Satellite imagery allows us to measure and map Pacific sea surface temperatures (SST's). The top image depicts annual average SST and shows key features of the Pacific climate system. A pool
of very warm water dominates the western Pacific, while a tongue of cool water stretches along the Equator to 160 degrees W. Cool waters prevail off the South American coast, indicating strong upwelling and high productivity. Also shown are the limits of
coral growth; as you can see, corals can only grow in areas with mean annual SST's higher than 22-23 degrees C. White circles show the locations of sites where long coral records have been analyzed and the results published.
The next two images show sea
surface temperature anomalies for the months of December through February. An anomaly is the arithmetic deviation from the mean. For example, if Shaquille O'Neal averages 30 points a game but scores 40 against the Knicks, he would have a positive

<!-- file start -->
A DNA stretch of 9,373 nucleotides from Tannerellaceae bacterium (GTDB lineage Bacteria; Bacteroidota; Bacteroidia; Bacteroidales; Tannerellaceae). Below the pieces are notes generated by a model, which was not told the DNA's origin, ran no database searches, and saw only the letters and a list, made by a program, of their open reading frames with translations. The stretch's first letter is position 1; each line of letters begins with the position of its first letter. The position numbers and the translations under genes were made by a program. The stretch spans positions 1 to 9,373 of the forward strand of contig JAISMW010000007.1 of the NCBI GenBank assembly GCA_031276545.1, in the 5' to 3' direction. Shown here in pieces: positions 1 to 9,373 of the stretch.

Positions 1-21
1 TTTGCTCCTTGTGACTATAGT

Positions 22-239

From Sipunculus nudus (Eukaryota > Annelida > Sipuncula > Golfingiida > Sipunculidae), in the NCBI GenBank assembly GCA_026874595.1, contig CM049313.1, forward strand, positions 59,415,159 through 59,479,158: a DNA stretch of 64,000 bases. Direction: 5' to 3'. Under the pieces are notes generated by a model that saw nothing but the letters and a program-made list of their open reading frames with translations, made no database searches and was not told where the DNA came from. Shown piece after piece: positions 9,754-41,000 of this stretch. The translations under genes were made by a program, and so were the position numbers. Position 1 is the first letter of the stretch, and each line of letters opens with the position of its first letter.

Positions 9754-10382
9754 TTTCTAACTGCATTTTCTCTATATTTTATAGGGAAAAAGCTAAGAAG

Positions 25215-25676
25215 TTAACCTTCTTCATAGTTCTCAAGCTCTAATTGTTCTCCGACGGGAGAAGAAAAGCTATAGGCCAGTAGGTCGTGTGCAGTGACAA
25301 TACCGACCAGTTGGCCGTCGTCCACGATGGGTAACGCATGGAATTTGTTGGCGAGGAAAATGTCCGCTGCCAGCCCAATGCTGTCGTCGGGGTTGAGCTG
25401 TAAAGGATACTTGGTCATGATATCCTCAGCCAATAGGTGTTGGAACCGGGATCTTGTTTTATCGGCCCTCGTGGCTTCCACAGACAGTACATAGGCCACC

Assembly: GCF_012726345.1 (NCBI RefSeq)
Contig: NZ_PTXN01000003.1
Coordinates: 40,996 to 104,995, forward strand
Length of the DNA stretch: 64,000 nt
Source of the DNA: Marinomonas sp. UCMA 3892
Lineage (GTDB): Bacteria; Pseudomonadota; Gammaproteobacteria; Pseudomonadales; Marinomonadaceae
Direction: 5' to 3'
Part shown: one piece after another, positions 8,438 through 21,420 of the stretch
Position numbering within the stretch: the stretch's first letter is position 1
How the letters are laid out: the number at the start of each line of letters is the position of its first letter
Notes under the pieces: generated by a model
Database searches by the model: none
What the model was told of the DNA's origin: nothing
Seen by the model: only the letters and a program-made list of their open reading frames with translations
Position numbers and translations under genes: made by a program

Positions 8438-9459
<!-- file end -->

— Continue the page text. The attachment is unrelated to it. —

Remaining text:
scoring anomaly of 40 minus 30, which equals 10. Likewise, if the SST anomaly in the central Pacific during a warm phase is positive 2, that means that temperatures are 2 degrees C above average. Notice the negative anomaly in the central Pacific during a
cool phase such as 1988-1989 created when strong southeasterly winds push cold surface waters away from the South American coast and into the mid-ocean. In warm modes like 1991-1992, weaker southeasterlies are unable to push as much cool water into the
central ocean. Large SST anomalies of 2 degrees C or more occur near the equator during ENSO warm mode events but the strength and location of each anomaly is different. While all ENSO events are similar, it is important to remember that no two warm events
are exactly alike; the high SST anomaly during the 1982-1983 event shifted 40 degrees further east and 5 degrees further south compared with warm events in 1986-1987 and 1991-1992.
Department of Geology and Geophysics, Rice University
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